Following a Japanese diet may help you live longer
Eating the traditional Japanese diet, which is high in fish and soybean products and low in fat, may lead to a longer life, a new study finds.
Adults in Japan who closely followed that country’s government-recommended dietary guidelines had a 15 percent lower risk of dying during a 15-year period, compared withpeople who didn’t follow the guidelines, according to the new study.
And people who most closely followed the dietary guidelines were 22 percent less likely to die of stroke during those 15 years, according to the study.
Life expectancy in Japan is among the highest in the world, the researchers wrote in the study, and the role of the Japanese diet is of particular interest.
Japan’s dietary guidelines emphasize five types of dishes: grains, vegetables, fish and meats, milk and fruits, the study said.
The study included data from more than 36,000 men and 42,000 women across Japan. All of them completed questionnaires about their health, including information on their food intake, at the beginning of the study, and then again at five- and 10-year follow-ups.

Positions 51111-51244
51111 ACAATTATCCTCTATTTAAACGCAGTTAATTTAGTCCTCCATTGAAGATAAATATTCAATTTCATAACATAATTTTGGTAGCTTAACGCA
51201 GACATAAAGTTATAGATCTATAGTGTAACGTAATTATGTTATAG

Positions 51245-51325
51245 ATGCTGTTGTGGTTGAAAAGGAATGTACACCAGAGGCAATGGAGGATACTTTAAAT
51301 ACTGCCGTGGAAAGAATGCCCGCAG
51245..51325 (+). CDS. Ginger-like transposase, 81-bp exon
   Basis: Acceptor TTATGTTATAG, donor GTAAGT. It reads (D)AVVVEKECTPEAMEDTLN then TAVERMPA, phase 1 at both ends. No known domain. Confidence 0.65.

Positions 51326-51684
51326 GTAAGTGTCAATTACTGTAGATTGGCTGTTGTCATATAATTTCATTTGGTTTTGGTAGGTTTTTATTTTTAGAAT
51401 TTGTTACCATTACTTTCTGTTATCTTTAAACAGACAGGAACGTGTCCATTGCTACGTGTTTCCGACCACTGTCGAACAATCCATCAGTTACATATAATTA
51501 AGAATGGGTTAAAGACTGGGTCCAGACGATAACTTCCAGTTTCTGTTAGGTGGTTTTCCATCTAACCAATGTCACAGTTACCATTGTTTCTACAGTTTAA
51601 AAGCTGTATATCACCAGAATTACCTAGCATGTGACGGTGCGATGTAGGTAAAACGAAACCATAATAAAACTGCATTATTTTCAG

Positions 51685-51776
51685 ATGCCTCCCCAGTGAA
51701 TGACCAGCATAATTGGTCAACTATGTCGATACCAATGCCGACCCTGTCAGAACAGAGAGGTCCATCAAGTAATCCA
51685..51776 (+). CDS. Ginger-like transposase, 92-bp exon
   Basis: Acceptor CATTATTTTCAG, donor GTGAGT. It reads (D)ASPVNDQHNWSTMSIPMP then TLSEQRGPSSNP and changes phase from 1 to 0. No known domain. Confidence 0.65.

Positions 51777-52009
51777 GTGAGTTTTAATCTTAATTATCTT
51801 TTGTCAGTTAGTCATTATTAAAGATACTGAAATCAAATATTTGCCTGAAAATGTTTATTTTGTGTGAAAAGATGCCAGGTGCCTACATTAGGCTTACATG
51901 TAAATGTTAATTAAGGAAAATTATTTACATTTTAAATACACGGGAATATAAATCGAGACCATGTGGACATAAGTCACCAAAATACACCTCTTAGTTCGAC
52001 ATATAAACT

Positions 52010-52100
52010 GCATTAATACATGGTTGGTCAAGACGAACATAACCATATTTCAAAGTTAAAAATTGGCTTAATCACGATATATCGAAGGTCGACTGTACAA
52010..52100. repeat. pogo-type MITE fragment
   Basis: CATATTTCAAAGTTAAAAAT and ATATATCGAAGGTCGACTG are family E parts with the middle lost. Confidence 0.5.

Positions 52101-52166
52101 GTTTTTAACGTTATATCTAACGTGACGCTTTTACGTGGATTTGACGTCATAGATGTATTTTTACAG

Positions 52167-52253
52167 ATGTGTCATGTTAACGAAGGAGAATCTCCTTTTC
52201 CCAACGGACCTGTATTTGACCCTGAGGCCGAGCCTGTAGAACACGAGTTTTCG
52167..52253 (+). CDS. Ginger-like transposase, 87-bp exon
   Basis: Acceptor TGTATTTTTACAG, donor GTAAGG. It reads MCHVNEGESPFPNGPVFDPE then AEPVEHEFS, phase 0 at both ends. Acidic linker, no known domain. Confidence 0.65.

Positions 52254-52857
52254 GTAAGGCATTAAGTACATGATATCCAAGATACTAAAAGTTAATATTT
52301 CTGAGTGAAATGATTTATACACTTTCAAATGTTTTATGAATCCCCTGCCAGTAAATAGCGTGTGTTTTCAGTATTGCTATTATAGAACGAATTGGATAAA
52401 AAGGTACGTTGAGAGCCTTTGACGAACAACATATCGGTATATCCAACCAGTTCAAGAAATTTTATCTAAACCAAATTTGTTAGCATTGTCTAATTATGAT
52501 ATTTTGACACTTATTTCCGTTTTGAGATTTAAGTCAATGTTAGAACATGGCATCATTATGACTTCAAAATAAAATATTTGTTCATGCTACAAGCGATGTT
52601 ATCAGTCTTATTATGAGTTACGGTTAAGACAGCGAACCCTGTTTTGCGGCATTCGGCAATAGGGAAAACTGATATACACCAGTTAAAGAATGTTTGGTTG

Using these questionnaires, the researchers calculated how closely the participants stuck to the dietary guidelines, according to the study. Those who followed the guidelines more closely had a 15 percent lower risk of dying during the follow-up period, compared with those who stuck to the guidelines less closely.
The overall lower rate of death in the group that followed the guidelines is probably due to the lower rates of death from cardiovascular disease, and in particular, stroke, the researchers wrote. The people who consumed a lot of vegetables and fruit, and ate enough fish and meat, seemed to fare the best, the researchers said.
The researchers also noted that Japanese people consume more fish and less beef and pork than Western populations do.
“Our findings, together with previous reports, suggest that a dietary pattern of high intake of vegetables and fruits, and adequate intake of fish and meat, can significantly decrease the risk of mortality from cardiovascular disease in East Asian populations, particularly from [stroke],” the researchers wrote.